Ecuador to Take Legal Action Against Using Indian Blood for Research
The government of Ecuador is bent on taking action against an oil company and an American research center for the use of blood samples they tricked Amazon Indians into giving them and which they then allegedly used for scientific research.
So said Ecuadorian President Rafael Correa in his usual Saturday broadcast, during which he demanded an inter-American and international regulation to stop this kind of genetic “piracy.”
“We’re studying a course of legal action to be taken in the coming weeks,” Correa said.
This, the president said, is an example of the “unjust international order” that punishes the piracy of intellectual property with prison, but does not prosecute what is done with genetic material obtained illegitimately from indigenous peoples.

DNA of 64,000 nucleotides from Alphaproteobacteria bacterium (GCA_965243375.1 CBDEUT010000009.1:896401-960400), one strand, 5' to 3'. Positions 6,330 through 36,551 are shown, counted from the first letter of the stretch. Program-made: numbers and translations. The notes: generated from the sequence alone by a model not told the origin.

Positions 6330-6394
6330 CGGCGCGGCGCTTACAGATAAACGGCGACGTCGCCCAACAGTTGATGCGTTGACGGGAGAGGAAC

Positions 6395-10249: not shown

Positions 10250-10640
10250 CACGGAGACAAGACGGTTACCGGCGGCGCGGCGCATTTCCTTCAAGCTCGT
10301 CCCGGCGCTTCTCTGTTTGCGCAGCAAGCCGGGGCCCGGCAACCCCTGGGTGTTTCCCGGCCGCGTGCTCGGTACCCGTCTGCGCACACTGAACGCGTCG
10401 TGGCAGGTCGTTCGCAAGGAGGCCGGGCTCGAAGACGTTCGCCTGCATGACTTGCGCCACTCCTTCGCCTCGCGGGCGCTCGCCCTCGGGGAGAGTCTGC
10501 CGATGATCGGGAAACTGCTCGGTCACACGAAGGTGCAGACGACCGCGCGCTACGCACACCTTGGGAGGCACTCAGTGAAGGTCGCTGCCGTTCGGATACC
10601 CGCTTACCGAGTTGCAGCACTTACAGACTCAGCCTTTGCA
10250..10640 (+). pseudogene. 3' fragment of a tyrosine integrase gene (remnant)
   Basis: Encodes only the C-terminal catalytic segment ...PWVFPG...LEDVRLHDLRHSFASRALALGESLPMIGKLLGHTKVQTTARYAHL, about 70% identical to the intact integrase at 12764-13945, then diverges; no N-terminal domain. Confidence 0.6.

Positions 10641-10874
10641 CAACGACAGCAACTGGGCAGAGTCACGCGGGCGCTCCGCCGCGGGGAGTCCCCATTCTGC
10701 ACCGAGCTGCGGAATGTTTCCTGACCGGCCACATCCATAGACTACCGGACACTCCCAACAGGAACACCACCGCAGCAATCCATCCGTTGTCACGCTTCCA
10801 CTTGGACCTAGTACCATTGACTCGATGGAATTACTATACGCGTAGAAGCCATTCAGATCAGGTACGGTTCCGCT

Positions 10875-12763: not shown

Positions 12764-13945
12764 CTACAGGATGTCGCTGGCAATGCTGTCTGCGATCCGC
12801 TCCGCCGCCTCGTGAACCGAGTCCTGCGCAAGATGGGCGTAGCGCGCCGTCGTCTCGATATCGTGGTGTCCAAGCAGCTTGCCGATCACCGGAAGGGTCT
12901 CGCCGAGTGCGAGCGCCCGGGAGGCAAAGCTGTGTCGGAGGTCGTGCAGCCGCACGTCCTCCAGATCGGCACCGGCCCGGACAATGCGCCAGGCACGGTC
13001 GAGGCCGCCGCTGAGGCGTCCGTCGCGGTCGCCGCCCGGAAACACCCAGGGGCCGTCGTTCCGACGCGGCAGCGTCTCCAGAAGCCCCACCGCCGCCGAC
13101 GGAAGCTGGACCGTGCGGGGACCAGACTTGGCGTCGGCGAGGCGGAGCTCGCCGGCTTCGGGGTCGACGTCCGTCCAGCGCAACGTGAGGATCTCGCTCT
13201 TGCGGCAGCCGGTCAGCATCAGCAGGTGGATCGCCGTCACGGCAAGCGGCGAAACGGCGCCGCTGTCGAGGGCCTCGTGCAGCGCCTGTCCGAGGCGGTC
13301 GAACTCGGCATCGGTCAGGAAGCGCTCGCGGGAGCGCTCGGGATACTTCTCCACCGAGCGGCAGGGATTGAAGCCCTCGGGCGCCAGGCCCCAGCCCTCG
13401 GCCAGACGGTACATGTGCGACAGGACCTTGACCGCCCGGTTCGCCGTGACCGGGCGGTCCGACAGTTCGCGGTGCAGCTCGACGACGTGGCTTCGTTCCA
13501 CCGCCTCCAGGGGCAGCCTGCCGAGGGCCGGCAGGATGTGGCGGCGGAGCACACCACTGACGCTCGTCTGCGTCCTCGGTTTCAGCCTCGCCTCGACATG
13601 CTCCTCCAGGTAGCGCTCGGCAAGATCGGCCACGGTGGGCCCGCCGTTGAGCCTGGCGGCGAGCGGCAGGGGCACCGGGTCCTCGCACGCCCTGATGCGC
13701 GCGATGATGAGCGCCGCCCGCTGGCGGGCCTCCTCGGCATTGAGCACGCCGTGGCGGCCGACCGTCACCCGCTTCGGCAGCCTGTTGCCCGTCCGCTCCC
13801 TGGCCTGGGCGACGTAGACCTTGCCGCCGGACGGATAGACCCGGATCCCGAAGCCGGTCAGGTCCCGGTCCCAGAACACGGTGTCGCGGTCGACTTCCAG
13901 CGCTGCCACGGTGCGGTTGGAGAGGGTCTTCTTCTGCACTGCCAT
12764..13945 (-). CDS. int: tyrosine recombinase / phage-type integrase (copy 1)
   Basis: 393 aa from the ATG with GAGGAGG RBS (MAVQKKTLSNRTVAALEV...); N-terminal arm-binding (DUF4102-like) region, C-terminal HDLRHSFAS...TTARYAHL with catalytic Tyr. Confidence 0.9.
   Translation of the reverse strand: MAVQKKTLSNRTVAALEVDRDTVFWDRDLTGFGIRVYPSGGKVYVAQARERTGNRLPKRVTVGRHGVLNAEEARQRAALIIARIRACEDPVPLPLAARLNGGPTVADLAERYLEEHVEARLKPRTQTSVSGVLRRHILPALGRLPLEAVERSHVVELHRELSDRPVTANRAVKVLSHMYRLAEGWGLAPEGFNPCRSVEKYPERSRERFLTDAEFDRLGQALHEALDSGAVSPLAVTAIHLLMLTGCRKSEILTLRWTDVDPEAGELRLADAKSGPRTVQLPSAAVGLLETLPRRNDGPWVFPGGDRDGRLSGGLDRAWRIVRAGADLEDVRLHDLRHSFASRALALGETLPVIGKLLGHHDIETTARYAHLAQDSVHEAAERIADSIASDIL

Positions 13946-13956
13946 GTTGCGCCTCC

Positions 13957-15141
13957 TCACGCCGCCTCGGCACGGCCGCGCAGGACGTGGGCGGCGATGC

Correa said that since the 1970s, U.S. researchers have obtained blood samples from Waorani Indians, an Amazon ethnicity, without their consent in order to perform scientific research.
At least, he said, 31 research papers were written between 1989 and 2012 based on such samples, obtained without the Indians’ consent nor the payment of royalties that would be essential for other kinds of commercial substances.
The president recalled that the National Science and Technology Secretariat prepared a report in 2012 on the case involving the Maxus Energy Corporation and the Coriell Institute for Medical Research, as well as scientists from Harvard University.
As to what the researchers were looking for, Correa said that “people of the jungle who have not been in frequent contact with western civilization…are immune to certain pathologies.”